JoeS
Site Moderator
Posts: 3259
Joined: Thu Dec 15, 2011 5:47 am
Location: Los Altos Hills, California

Re: Solar panel on car - no brainer guys!

Sun Oct 14, 2012 5:44 am

jaraczs, nice to see you doing the math, although I would also include all the intermediate hardware and its inefficiencies, not forgetting to include the negative effect on the iMiEV's already challenged Cd. I, for one, would not like to raise the iMiEV's CG either.

You might note that we already have an extensive thread on this topic and you might wish to peruse it. For a photo of what someone had done (not to an iMiEV), have a look at this post on that thread:

http://myimiev.com/forum/viewtopic.php?p=3435#p3435

Yes, of course it is possible to add solar to an iMiEV. What would you define as "reasonable" cost and effort to achieve what end result?

Maybe you and PV1 should collaborate?
EVs: 2 Wht/Blu SE Prem., '13 Tesla MS85, 3 156v CorbinSparrows (2 Li-ion), 24v EcoScoot(LiFePO4)
EV Conv: 156v '86 Ram PU, 144v '65 Saab 96
Hybrids: 48v1kW bike
ICE: '88 Isuzu Trooper. Mothballed: '67 Saab (orig.owner), '76 MBZ L206D RHD RV

Don
Site Moderator
Posts: 2508
Joined: Thu May 10, 2012 3:55 pm
Location: Biloxi MS

Re: Solar panel on car - no brainer guys!

Mon Oct 15, 2012 6:43 am

jaraczs wrote:However, technology is improving. I have made my calculation based on:
1) pricing of 15.7 sq. feet PV panels at $295 for 205W:
http://www.solarsystemsusa.net/solar-pa ... m/elv-205/
2) area of iMiEV roof = 20 sq. feet
3) solar day = 8 hours
This gives 2.09 kWh per day for $375 (PV only), which in my hands provides 10 miles of range per day, which in turn covers exactly my daily RT commute. So, if we manage to mount PV on the roof at reasonable cost, low weight and hook it up to the battery, this would provide very appealing claim.
First, if your vehicle can make the daily round trip you need it to, why put panels on the car? On the car you cannot aim them and they'll be giving you maybe 1/3rd of what they would if they were on a fixed structure, properly aimed at the sun

It's difficult to come up with actual numbers when you're talking solar - You surely cannot do it by multiplying the panel's theoretical best output times the number of hours you're going to set it in the sun. For one, panel manufacturers all quote best possible case scenarios when giving you the panel output. Clear, cloudless day, panel oriented so the sunlight strikes it at a 90 degree, perpendicular angle and the panel well ventilated so it generates minimal heat

On a building, you orient the panels at an angle which is a compromise of a best case average over the angle of the sun at your particular latitude for all 4 seasons of the year - Sometimes you fudge it a little toward the winter angles because the panel does pretty well in full summer sun being off angle a bit and since it's already compromised by the lower winter angle, you try to improve the winter efficiency by giving up just a little summer efficiency. At any rate, for that half hour when the sun is exactly where you want it to be, the panel actually comes pretty darned close to what the manufacturers spec says it will, but that's the only time - The average over an 8 hour day might be only 50 or 60% of the advertised output. Most operators of fixed panels properly aimed use some number around 60% of maximum in their calculations for a day's total output . . . . even if they don't calculate it that way, that's closer to what they'll actually get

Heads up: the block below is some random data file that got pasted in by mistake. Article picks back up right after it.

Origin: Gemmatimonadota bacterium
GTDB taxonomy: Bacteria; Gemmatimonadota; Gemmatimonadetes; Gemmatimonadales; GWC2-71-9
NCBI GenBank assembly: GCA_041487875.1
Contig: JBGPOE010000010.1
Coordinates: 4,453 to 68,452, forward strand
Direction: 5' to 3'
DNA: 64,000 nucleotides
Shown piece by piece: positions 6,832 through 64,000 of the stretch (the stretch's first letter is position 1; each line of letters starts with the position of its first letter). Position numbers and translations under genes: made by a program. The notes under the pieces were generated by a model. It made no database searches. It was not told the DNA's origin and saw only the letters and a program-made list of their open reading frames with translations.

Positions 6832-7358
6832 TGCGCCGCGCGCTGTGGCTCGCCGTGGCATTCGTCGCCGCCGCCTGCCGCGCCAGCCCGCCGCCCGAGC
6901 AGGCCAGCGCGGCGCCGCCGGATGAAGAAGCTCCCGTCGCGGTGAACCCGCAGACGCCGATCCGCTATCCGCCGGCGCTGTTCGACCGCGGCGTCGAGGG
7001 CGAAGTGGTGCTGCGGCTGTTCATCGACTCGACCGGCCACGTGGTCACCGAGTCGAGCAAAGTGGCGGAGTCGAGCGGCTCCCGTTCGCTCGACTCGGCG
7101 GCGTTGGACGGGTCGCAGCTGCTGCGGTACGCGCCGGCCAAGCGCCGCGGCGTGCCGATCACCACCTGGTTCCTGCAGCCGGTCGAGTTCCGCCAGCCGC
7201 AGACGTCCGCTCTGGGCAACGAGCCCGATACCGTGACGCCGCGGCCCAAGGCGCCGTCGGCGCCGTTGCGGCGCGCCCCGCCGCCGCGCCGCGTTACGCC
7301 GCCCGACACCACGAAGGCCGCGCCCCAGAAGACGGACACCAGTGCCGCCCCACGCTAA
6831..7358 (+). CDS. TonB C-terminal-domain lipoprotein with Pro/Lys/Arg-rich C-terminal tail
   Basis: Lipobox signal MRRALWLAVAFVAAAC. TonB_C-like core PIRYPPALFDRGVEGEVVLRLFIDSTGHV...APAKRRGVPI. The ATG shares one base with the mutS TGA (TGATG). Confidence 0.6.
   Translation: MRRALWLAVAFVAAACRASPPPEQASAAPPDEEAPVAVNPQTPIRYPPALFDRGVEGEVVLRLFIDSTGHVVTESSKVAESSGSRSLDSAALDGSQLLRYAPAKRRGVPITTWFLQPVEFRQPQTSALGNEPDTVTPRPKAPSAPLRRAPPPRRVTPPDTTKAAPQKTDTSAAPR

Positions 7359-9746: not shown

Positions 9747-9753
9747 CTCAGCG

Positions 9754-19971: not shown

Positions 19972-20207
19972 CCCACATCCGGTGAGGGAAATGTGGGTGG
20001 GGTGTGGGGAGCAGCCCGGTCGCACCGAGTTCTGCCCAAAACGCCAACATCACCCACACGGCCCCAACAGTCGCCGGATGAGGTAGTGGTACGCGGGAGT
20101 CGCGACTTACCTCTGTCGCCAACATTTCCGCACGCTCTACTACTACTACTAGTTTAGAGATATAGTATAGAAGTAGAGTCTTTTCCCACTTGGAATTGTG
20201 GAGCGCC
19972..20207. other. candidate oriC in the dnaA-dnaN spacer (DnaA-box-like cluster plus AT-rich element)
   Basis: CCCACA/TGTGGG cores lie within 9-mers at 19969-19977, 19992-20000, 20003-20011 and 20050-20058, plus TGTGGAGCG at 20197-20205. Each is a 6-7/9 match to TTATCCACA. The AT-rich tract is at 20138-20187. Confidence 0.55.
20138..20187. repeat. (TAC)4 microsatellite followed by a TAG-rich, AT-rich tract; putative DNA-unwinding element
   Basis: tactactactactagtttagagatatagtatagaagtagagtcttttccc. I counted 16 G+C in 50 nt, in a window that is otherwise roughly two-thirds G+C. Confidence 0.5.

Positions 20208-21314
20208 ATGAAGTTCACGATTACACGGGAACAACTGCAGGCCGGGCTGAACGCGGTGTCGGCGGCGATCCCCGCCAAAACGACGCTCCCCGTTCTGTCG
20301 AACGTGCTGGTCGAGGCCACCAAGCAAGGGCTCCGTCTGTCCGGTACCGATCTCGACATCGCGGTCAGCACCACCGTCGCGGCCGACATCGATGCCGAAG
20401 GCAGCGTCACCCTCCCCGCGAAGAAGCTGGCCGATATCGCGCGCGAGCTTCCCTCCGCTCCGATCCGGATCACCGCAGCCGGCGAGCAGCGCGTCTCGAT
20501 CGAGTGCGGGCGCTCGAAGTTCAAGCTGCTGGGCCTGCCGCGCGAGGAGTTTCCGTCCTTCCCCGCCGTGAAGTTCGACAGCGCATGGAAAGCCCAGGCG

Mount the panel flat on a vehicle roof where you cannot set it for your latitude and your output goes way down, which is why your theoretical outputs look so much better than those reported for the Fisker Karma - They are giving you actual, real world numbers and you're comparing them to pie in the sky numbers you're never going to come close to getting. When we use panels on sailboats, we can aim them a bit for better output . . . . nothing nearly as good as fixed panels on your garage roof, but we can get much better numbers than you're ever going to see with the panels flat on your car's roof. If you lived where I do, the gain you'd see from leaving your car sit in the sun charging all day would be almost entirely offset by what the A/C is going to use cooling the car off when I get into it to drive . . . . I'm about as well off by leaving the car parked in the shade. I'd be much better off leaving it parked in shade provided by 150 to 200 sq ft of solar panels and then I don't need to mount them on the car :mrgreen: